• Introduction and warm up

    • General travel activity

    • Travel in Alberta

  • Destination decision making

    • How, why, where?

    • What about Northern Alberta?

  • Culture-based travel in Alberta

  • Aboriginal-based travel in Alberta

    • Awareness and impressions

    • Past experience

    • What about North-Central Alberta?

    • What would the ideal destination look like?


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Qualitative Findings

Travellers are unique in their travels.

  • While some aspects of Alberta-based trips were consistent throughout the groups…

    • Trips tended to be 2-3 days long

    • Trip spending was usually about $500

  • Many aspects of trips varied by individual

    • Destination type (urban, mountains, lakes, parks)

    • Activity (theatre, shopping, camping, visiting friends/relatives)

    • Type of accommodation (hotels, friends/relatives, camping)


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Qualitative Findings (cont.)

Most travellers seek multiple sources of information.

  • The Internet is a key source, and makes everyone an “expert” travel planner

  • Other top mentions for information include:

    • Past experience and recommendations from family/friends are also key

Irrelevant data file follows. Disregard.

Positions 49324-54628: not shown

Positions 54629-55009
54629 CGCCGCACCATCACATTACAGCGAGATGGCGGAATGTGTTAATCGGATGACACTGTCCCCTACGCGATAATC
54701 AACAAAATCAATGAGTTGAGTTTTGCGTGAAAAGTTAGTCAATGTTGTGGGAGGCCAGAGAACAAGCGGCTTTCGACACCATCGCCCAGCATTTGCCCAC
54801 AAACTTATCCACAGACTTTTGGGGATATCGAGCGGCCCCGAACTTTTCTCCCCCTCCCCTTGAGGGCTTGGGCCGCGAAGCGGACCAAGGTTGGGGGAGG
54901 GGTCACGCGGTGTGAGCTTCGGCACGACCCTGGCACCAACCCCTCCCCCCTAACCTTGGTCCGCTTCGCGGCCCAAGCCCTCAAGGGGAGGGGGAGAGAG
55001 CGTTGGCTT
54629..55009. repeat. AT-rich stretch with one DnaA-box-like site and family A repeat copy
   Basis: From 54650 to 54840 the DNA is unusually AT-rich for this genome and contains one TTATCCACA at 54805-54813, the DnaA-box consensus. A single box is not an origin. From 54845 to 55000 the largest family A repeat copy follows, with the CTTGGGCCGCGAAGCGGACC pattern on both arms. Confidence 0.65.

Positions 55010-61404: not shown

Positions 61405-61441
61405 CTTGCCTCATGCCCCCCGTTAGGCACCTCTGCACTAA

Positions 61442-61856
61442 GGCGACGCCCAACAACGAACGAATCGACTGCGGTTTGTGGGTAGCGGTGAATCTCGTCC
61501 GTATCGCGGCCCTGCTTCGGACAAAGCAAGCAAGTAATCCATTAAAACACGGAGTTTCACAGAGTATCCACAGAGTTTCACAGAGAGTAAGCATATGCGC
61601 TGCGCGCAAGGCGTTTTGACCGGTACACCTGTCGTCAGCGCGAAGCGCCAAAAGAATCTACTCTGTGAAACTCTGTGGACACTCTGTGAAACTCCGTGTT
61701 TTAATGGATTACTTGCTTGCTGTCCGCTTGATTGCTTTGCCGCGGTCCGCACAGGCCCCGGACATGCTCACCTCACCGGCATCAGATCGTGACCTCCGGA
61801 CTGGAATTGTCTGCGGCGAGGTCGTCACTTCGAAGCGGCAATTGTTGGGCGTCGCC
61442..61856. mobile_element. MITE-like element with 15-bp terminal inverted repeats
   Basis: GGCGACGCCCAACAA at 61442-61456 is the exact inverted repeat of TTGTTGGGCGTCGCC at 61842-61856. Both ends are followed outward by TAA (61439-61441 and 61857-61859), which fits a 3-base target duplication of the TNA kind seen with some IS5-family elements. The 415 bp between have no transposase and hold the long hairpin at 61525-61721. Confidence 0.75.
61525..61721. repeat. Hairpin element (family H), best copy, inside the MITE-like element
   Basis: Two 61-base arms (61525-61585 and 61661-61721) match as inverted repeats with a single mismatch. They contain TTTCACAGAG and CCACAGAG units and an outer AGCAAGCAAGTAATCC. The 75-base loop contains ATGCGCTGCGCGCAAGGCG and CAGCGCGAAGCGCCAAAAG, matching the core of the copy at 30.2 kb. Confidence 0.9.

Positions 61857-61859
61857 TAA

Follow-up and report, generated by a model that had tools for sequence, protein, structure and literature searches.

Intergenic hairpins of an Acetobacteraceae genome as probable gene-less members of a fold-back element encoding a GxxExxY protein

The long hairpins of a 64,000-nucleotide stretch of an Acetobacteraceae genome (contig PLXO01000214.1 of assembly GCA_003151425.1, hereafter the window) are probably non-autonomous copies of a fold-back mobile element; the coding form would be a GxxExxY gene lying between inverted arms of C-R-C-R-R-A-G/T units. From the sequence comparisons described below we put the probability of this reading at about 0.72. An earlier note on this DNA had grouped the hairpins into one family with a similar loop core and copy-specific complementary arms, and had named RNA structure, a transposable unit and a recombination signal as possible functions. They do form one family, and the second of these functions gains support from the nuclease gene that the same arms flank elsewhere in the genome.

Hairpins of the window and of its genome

• The newspaper travel section

    • Travel Alberta publications


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Qualitative Findings (cont.)

Most respondents think of Southern Alberta first.

  • Southern Alberta is more likely to be associated with travel destinations than places north of Edmonton

    • Mountain parks and Lake Louise

    • Drumheller

    • Calgary and Edmonton

  • Places to the North are more closely associated with trips “if you are into hunting or camping”


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Qualitative Findings (cont.)

Culture by coincidence:

  • When culture is included in a trip, it is generally not the primary reason for the trip – it is secondary

  • The types of trips that involve culture fall into three areas:

    • Edmonton (concerts, theatre, museums)

    • Random acts of culture (stumbling across points of interest)

    • Trips with kids. Often, children are exposed to culture at school and through field trips


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Qualitative Findings (cont.)

Awareness of Aboriginal-based attractions/events is low.

  • Low awareness for specific destinations in Alberta aside from Head-Smashed-In Buffalo Jump

  • Little or no awareness of destinations in North-Central Alberta

    • Some generic mentions of Lac La Biche

  • Groups indicated that low awareness was a primary reason for low levels of visitation